Undergraduates Share their Summer Experiences

July 30, 2019

Undergraduates Share their Summer Experiences

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Research Students
Description

On average, 70% of students in Physics or Engineering Physics will complete at least one research or internship experience before they graduate. We caught up with four undergraduates who discussed the programs they are participating in this summer.

Liz Fuller

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Liz Fuller at APL entrance

Liz is participating in an internship program at Johns Hopkins Applied Physics Lab (APL) located in Laurel, Maryland. Her project involves working with magnetic sensors and developing signal processing methods for special operations/tactical intelligence missions in the military. Liz had a lot to say about her summer experience. "The project is amazing. I feel like I’m being challenged in a way that forces me to apply my physics background to very important physical problems. The best part is that I’ve been wanting to find an internship that was at a crossroads between physics and engineering, and this is exactly It. I am actually working on multiple projects with people from multiple sectors in the lab of 7000 employees and it kinda feels like a physics playground! They work on everything from new horizons to homeland protection, there are truly no limits and I’m already interested in working full time here after I graduate." Liz went on to state that the internship experience has opened her eyes to career and post-graduation opportunities. "As I move forward in my academic and professional career I realize that there really are so many possibilities in physics. I used to think that I simply had to get a PhD and be a professor, but the reality is I can be a pseudo-engineer or a quasi-chemist, or a mixture of everything in science."


Daniel Pharis

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Daniel Pharis and another student next to a laser set up

Daniel is participating in the 12-week long DAAD RISE program at Johannes Gutenberg University Mainzin in Germany. "The project I'm working on is using graphene nanoribbons to make field-effect transistors", he explained. "A lot of the stuff my research group does is similar to the research people at OSU are doing although I'm doing different things in the lab here than I do at OSU so the change is fun. There is a lot more public transit in Europe than in the US, so travel without a car is much easier, something that is very different from what I'm used to. I've been doing some traveling within Germany, as well as a bit of international travel. I was in Strasbourg for about a week for an annual graduate student seminar, which I really enjoyed. I also am going to Switzerland to do some hiking, which I'm looking forward to."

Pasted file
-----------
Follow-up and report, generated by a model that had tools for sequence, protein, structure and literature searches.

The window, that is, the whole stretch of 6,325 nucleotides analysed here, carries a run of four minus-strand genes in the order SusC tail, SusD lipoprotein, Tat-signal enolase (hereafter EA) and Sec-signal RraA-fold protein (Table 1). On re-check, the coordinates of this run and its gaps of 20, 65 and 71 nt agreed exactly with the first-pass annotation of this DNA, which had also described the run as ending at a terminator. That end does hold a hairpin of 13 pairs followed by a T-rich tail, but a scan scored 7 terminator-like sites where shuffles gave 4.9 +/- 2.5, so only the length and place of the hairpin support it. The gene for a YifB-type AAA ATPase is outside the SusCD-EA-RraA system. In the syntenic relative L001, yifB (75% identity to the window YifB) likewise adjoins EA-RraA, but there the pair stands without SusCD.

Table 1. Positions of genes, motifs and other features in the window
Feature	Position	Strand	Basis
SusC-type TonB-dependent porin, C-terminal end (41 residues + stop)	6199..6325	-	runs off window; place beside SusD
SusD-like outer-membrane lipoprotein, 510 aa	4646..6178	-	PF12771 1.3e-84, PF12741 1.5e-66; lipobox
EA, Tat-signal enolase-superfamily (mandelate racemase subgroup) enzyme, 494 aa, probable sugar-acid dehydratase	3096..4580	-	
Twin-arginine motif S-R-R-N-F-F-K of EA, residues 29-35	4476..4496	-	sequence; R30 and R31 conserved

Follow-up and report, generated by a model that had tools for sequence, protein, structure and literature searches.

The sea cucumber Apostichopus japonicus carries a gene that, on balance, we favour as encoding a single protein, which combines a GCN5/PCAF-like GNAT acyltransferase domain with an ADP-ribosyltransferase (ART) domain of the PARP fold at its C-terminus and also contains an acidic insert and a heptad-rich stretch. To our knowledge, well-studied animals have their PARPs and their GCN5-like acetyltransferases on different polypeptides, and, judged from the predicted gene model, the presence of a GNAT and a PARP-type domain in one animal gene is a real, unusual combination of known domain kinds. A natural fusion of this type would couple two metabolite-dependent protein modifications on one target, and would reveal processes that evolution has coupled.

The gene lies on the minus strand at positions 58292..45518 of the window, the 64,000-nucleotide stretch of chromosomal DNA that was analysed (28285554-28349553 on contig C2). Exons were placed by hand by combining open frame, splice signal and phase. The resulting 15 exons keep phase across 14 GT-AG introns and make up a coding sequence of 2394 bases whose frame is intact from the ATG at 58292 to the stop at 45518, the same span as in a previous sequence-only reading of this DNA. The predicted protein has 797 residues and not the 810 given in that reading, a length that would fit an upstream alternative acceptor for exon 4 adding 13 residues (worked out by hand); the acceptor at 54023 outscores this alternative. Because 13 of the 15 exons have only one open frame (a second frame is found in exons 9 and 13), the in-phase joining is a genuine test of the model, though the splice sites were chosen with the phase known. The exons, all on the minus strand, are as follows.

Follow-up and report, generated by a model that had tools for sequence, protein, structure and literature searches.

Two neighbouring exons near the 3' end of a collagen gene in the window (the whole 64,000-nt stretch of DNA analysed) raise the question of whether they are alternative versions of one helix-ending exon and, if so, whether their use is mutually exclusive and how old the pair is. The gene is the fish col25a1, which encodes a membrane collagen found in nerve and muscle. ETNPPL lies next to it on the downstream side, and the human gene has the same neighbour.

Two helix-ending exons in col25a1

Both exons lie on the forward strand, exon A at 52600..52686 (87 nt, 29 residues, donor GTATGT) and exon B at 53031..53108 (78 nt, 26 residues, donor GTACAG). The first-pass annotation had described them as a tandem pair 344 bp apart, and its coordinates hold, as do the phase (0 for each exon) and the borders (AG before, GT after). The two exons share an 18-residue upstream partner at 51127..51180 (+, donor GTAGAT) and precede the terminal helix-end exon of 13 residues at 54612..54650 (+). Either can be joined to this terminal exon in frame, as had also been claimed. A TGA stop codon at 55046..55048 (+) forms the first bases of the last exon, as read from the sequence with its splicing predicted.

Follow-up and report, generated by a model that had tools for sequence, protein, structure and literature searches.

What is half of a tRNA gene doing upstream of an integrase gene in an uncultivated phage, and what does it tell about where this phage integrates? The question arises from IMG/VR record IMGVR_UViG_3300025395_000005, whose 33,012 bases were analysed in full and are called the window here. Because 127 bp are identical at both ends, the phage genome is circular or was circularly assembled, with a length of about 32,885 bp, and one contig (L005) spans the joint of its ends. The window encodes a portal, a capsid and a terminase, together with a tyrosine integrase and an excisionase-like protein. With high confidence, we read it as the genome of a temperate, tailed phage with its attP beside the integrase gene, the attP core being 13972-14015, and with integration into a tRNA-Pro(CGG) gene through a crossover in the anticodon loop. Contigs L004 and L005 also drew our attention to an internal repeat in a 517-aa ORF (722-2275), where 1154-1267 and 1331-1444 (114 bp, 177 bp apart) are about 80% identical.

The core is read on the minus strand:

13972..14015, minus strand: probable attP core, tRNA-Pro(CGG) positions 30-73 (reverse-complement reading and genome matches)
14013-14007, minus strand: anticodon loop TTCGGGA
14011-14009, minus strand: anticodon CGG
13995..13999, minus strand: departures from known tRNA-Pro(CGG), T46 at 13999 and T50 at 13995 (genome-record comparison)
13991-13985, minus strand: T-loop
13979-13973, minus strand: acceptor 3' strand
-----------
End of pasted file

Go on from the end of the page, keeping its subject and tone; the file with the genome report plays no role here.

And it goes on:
Pictured is Daniel (left) and colleague Alexander Tries in a laser lab at the Max Plank Institute for Polymer Research. In front of them is a set up that does terahertz spectroscopy which they use to characterize their samples. 


Joey Masters

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Student in research lab

Joey is participating in the 10-week long summer research program in the Department of Physics. "This summer I worked in Dr. Roland Kawakami’s condensed matter group. I used different methods of exfoliating van der Waals materials to consistently get thin films of hexagonal boron nitride (hBN) and Fe3GeTe2 (FGT). I then learned to take these thin films and stack them in different combinations depending on what the group wanted to measure. The stacked materials, or devices, are used to induce electron tunneling, create single photon emission and more, to better understand how these materials interact with electrons and light. Understanding these materials will have many applications such as creating more efficient computer parts. This experience has helped me understand how research is conducted and has helped me decide what I want to pursue as a career."
 

Ari Josephson

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Ari Josephson


Ari spent his summer at Northern Illinois University as part of the NSF-funded Research Experience for Undergraduates (REU) program. "My project is on photon identification at the ATLAS detector at CERN. I'm working with a grad student who has developed some machine learning tools that are better at rejecting background events and my job is to apply these tools to a specific analysis involving the decay of the Higgs boson. The end goal is to show a statistically significant improvement in background rejection compared to the current photon identification standard ATLAS uses." Ari said in addition to working at Northern Illinois University, he has spent time at Argonne National Lab which is about an hour east of campus. 

 

 

Current and future OSU Physics majors can find internship and research information on the undergraduate research page.